COVINGTON, KY [January 23, 2018]– Northern Kentucky Community Action Commission (NKCAC) Executive Director, Florence Tandy, has announced plans to retire on June 1st. Tandy has served as Executive Director of NKCAC since 2005. Under her leadership, the organization has grown in size, complexity, and capacity. The Board of Directors has initiated the process of selecting Tandy’s successor. It is anticipated that a national search will be conducted.
“Florence has done so much for NKCAC in her time with the Agency. She’s grown its services to include affordable housing and established great relationships with companies like Duke Energy and PNC Bank. We’re so very proud of the Lincoln Grant Scholar House, which was recognized by the Kentucky Nonprofit Network recently for its impact on our community. Florence has been the powerhouse behind all of that momentum. It’s been a pleasure working with her. I know that the entire Board will agree that we watch her go with very mixed feelings but know that she’s done so much to put this organization in the right place to transition to new leadership,” said NKCAC Board Chair JC Morgan.
Tandy’s retirement will close the chapter on a remarkable career which included 30 plus years in nonprofit leadership in human services, healthcare and technical assistance organizations. During her time at NKCAC, several new initiatives were launched to end the cycle of poverty, including nationally acclaimed work around supporting victims of childhood trauma, the rehab of Lincoln Grant School into the Lincoln Grant Scholar House, and Early Head Start. Lincoln Grant Scholar House and Early Head Start are two initiatives Tandy holds close to her heart. “From the moment I started working at NKCAC I wanted Early Head Start in Northern Kentucky. Our kids need quality instruction during those early formative years. Lincoln Grant Scholar House is another initiative I knew the community needed. It is an innovative model of a two-generational approach to ending poverty and establishing a pathway for single-parent households to get a college degree and be successful,” Tandy stated.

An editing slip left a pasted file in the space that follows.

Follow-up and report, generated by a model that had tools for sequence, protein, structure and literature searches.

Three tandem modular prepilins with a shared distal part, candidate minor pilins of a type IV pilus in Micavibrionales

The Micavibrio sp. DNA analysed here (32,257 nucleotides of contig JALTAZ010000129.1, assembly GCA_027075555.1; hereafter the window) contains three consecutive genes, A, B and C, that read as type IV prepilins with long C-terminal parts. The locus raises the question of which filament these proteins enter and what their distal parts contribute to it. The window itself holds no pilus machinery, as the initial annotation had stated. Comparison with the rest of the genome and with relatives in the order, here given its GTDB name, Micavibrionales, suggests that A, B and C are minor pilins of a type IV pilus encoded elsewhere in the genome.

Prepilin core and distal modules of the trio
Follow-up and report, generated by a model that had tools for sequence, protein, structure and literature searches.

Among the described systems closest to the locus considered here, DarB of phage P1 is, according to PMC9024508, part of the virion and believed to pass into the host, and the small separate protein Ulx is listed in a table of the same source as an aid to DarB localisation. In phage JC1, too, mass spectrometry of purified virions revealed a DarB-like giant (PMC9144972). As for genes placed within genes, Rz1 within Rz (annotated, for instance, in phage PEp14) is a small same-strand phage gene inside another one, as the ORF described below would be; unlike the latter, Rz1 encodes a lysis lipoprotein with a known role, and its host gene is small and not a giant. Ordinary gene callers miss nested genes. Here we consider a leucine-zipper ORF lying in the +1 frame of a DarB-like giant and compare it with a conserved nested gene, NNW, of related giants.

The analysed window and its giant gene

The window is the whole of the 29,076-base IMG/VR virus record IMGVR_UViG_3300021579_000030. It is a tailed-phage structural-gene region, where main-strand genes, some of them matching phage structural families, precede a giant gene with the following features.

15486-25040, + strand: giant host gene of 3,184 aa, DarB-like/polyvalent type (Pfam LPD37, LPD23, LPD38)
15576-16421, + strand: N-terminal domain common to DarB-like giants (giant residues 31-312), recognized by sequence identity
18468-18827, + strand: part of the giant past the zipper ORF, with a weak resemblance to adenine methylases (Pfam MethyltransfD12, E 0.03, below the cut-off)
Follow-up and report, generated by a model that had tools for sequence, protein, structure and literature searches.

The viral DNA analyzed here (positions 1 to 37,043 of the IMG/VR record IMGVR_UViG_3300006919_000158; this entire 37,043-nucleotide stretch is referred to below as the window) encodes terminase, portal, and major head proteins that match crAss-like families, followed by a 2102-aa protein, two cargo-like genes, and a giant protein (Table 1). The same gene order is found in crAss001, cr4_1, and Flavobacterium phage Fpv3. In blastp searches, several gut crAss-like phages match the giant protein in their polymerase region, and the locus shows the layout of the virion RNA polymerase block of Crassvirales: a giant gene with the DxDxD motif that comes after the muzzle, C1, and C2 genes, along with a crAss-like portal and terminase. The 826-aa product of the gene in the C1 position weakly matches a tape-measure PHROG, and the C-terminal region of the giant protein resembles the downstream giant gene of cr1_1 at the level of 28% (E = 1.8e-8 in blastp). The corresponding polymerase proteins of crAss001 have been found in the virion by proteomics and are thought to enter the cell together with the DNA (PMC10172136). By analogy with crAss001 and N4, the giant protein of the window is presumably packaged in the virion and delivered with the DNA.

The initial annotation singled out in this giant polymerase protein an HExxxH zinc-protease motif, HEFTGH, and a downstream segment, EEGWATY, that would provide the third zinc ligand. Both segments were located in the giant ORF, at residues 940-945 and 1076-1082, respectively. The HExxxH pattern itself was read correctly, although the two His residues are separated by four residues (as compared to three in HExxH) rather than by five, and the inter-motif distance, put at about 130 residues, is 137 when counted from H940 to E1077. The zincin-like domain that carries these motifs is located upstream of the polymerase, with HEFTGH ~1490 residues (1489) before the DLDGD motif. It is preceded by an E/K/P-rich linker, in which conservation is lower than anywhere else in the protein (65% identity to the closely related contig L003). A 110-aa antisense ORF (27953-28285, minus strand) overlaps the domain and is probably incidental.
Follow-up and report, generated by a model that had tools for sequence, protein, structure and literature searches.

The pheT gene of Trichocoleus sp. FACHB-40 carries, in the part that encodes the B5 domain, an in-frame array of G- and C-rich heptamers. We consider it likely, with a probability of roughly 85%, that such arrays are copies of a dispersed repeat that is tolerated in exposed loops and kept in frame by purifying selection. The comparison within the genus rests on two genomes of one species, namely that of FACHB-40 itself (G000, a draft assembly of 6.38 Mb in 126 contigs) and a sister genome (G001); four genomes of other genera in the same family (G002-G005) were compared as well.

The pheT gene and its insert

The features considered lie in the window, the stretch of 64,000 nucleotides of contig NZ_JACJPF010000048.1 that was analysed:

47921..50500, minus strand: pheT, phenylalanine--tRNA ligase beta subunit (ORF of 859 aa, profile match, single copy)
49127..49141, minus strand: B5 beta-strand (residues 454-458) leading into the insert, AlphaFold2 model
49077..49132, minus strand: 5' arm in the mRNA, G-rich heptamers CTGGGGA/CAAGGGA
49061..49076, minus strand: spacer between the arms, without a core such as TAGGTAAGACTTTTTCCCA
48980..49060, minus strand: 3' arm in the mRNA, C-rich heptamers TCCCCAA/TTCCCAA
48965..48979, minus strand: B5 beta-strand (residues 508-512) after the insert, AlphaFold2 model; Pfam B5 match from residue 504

Morgan credits Tandy with building a culture of excellence at NKCAC saying “she is known for her mission-minded leadership that is both motivating and bar setting.” During her tenure, the Agency received many honors and distinguished awards including:
In 2013, Tandy was recognized by the Kentucky Nonprofit Leadership Network with the Distinguished Nonprofit Leadership Award. Tandy was a member of Leadership Northern Kentucky Class of 2007 and is an active Rotarian.
“One of my proudest accomplishments was expanding the professional development and continuing education support NKCAC provides to staff including providing scholarships for staff to help them return to college,” Tandy stated.
NKCAC provides holistic, strength-based programs and services to serve Northern Kentucky’s low-income individuals and families designed to eliminate the barriers which can prevent economic independence and self-reliance. Tandy oversees the Agency’s 13-million-dollar budget, a staff of approximately 140, 24 locations across eight counties serving over 10,235 families last year and providing workforce training programs for200 trainees. From 2016 to 2017, NKCAC enrolled 2,334 individuals in healthcare and provided $1,910,853 in direct payment to utility vendors as part of energy assistance programs. During the same time period, NKCAC had 576 participants across its three senior citizen centers, received 36,348 volunteer hours generously provided by 1,128 volunteers, secured safe, affordable housing for 84 families and provided weatherization repair services for 28 families.
About NKCAC: For more than 50 years Northern Kentucky Community Action Commission has created opportunities for low-income individuals and families develop the knowledge, and resources they need to achieve self-reliance. Serving more than 25,000 individuals each year, our comprehensive range of services include early childhood education, job training, energy and other financial assistance, affordable housing, weatherization, senior citizens centers, child abuse prevention, affordable care act enrollment, and educational services in eight (8) counties, with limited services in 18 additional counties.
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